Northwest lawmakers push for increased forest thinning efforts to reduce wildfire risk

MEDFORD, Ore. — Fire agencies are doing what they can to contain the dozens of wildfires burning throughout the western states. But with so many to handle, there’s really no perfect plan of attack.

Northwest lawmakers have been putting out a call to thin out our forests. In May Oregon Senator Jeff Merkley led legislation to extend the Farm Bill and double it’s funding, alongside Idaho Senator Mike Crapo.

On June 11, it was announced that the 2018 Farm Bill doubles the size of the Collaborative Forest Landscape Restoration Program (CFLRP) and extends it though 2023.

According to senators, the program helps fund collaborative and community-based forest management and has a track record of improving forest health, reducing wildfire risk, and supporting rural communities.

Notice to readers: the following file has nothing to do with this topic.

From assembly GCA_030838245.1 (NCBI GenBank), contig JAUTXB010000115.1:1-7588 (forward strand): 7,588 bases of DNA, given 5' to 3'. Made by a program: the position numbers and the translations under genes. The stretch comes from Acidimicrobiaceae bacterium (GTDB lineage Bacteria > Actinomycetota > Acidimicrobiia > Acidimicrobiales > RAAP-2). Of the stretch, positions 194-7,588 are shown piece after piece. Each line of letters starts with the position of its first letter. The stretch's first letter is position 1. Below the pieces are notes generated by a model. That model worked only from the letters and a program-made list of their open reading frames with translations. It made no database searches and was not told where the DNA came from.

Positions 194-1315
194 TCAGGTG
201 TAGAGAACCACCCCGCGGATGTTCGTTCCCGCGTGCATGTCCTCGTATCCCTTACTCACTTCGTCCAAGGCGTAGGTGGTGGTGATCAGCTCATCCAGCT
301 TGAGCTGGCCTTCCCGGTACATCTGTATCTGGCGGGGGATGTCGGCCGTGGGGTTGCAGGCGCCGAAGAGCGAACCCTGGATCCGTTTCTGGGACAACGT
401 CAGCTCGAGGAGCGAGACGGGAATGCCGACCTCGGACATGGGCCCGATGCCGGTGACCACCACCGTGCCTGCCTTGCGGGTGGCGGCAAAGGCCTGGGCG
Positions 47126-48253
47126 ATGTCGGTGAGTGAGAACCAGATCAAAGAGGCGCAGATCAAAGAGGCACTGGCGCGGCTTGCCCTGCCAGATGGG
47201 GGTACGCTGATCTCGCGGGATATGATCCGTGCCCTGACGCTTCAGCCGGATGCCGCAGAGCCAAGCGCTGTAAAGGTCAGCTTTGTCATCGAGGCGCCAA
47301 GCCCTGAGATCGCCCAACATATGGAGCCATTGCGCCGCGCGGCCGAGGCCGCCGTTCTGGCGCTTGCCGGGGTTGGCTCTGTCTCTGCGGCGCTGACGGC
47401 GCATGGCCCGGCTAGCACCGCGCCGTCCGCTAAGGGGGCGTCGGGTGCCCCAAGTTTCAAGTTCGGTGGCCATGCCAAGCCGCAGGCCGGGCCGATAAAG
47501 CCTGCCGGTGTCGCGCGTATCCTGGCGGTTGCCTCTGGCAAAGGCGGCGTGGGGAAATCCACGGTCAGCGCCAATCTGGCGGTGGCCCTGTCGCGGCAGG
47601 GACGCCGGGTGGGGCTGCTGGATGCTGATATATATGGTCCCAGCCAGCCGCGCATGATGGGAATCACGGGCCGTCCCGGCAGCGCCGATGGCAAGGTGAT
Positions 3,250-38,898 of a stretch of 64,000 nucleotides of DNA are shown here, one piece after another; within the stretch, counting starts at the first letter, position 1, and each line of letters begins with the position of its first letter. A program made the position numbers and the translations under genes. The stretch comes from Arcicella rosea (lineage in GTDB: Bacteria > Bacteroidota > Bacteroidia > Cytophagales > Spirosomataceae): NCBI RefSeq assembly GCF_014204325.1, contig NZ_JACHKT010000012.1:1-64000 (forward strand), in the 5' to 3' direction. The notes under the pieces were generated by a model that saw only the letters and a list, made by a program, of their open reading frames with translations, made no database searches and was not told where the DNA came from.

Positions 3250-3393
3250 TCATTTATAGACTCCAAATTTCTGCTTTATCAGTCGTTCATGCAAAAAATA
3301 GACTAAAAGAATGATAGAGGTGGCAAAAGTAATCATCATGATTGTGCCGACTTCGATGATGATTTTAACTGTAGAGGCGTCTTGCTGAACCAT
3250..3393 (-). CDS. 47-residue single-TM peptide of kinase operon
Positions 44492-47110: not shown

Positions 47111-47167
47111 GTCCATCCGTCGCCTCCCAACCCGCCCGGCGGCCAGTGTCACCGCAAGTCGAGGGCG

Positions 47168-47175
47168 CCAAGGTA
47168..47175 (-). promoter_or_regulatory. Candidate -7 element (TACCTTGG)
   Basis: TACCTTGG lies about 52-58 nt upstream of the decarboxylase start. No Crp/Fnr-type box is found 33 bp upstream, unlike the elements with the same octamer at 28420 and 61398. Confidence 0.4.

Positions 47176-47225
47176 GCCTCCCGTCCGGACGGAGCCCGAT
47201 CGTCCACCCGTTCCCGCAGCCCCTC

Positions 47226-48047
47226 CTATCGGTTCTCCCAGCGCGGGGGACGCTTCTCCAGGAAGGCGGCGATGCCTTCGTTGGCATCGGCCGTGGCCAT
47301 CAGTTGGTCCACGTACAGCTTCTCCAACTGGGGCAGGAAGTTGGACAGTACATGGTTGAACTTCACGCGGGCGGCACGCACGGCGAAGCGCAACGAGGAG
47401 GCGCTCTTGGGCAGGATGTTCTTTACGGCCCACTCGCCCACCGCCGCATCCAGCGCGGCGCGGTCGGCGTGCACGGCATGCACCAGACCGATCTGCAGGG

“The result is a supply of saw logs for the mills, better fire resistance, better ecosystems and better timber stands. So it’s a win on every level,” Sen. Merkley said.

Sen. Merkley told NBC5 News he believes thinning is the best strategy to reduce wildfire risk, but adds that even with the Farm Bill, not enough is being done.

“We need the federal government to invest a lot more resources than they are right now,” Sen. Merkley said.

U.S. Representative Greg Walden also released the following statement to NBC5

“We recently passed significant improvements to forest management policy into law, including making sure the Forest Service has adequate resources to fight wildfires so their forest management accounts are not depleted, and I worked to provide additional forest policy reforms in the 2018 Farm Bill that recently passed the House. While this progress is important, we have a long way to go.”

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